Christopher Nolan brings his epic Batman trilogy to an awesome conclusion with The Dark Knight Rises, giving Christian Bale’s brooding vigilante superhero one last hurrah against the forces of anarchy and chaos that invariably beset Gotham City.
To begin with, though, Gotham is at peace, its criminal elements purged after the events of the last movie, which saw Batman taking the rap for the death of Gotham’s crusading-DA-turned-psychopath Harvey Dent while vanquishing the Joker.
Eight years have passed since then and Bruce Wayne has hung up Batman’s cape and cowl to live as a bearded, hobbling recluse behind the walls of Wayne Manor, attended only by doting butler Alfred (a gruff, lachrymose Michael Caine). ‘You’re not living,’ reckons Alfred, ‘you’re waiting for something bad to happen.’
He’s tempted out of seclusion, though, by brushes with two contrasting women – Anne Hathaway’s slinky cat burglar Selina Kyle, aka Catwoman, and Marion Cotillard’s silky millionaire philanthropist Miranda Tate; but it takes the apocalyptic threat posed by masked terrorist Bane to get him to resurrect his crime-fighting alter ego in a bid to save Gotham from annihilation.
Signing off on the trilogy with a grim flourish, Nolan stages jaw-dropping set pieces with typical bravura, including the audacious mid-air skyjacking of a CIA plane and an explosive assault on a sports stadium during the sacred pre-match warbling of the Star Spangled Banner.
Not everything Nolan attempts comes off, though. As was the case with its predecessor, The Dark Knight Rises is good, very good in places, but not great.
Tom Hardy’s physically imposing Bane is an incredible hulk, full of brute swagger and malefic charisma, but with his features muzzled and his voice muffled he lacks the mesmeric intensity of Heath Ledger’s Joker. Then there are irksome continuity slips and scenes of hand-to-hand combat that run out of wind, with assorted thugs waiting obligingly for their turn to be thumped.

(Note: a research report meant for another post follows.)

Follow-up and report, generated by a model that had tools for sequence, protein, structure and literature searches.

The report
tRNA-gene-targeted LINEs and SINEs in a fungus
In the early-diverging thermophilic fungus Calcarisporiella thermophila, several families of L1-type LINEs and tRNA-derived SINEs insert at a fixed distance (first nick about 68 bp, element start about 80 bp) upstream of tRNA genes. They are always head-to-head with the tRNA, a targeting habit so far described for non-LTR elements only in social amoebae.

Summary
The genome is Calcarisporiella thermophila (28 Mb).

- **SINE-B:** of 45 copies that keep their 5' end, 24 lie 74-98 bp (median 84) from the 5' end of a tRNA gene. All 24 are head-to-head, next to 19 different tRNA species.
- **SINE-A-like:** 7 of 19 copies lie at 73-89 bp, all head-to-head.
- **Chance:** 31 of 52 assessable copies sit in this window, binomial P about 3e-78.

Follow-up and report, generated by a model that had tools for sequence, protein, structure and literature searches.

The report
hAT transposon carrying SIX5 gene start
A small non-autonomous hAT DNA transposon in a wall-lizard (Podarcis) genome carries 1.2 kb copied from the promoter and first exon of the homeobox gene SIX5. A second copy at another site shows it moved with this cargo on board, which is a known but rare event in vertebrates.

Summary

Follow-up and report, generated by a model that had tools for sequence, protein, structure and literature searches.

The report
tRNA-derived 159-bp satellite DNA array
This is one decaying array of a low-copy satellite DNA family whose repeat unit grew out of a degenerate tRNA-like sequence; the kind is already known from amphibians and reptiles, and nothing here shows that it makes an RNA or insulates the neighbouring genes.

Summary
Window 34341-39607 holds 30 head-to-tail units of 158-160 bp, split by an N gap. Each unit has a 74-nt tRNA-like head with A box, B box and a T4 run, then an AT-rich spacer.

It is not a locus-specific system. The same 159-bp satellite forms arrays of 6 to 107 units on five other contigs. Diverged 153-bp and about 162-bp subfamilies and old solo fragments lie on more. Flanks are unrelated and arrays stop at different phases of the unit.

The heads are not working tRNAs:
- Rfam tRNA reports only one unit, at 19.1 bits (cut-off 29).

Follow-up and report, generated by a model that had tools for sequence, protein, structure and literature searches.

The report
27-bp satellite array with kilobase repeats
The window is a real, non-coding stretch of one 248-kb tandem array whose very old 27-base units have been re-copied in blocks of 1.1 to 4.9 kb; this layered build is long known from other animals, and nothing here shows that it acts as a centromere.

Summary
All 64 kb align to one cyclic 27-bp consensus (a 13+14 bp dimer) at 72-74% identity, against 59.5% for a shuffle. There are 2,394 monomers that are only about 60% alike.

But the film’s good points massively outweigh its flaws. Nolan gives us dazzling spectacle, shunning 3D, thankfully, but using the large-format IMAX cameras to stunning effect. He gets great performances from his leads, too. Bale is even more impressive here than on his last two outings, the best screen Batman by far, and he’s well matched by Hathaway’s sly Catwoman.
Sexy and mischievous, she gets to purr the film’s best lines and provides most of its rare moments of humour. She also gets to deliver a speech that rings out as a cry of the many against the greed of the one percent. ‘There’s a storm coming,’ she warns Bale’s Wayne early on. ‘You and your friends better batten down the hatches, because when it hits, you’re going to wonder how you ever thought you could live so large and leave so little for the rest of us.’
In the end, though, the film comes down firmly on the side of the establishment. Bane and his followers storm Gotham’s citadels, claiming to be liberating the masses from tyranny. They raid the Stock Exchange and bust open the city’s prison, a latter-day storming of the Bastille. Before long, a kangaroo court is in operation and the fur-coat-wearing rich and mighty are getting strung up. Robespierre would be rubbing his hands. Yet while such scenes might gladden class warriors, the film wants you to root for its billionaire hero, a figure of inherited wealth and privilege, as he strives to restore the status quo.
On general release from Friday 20th July.
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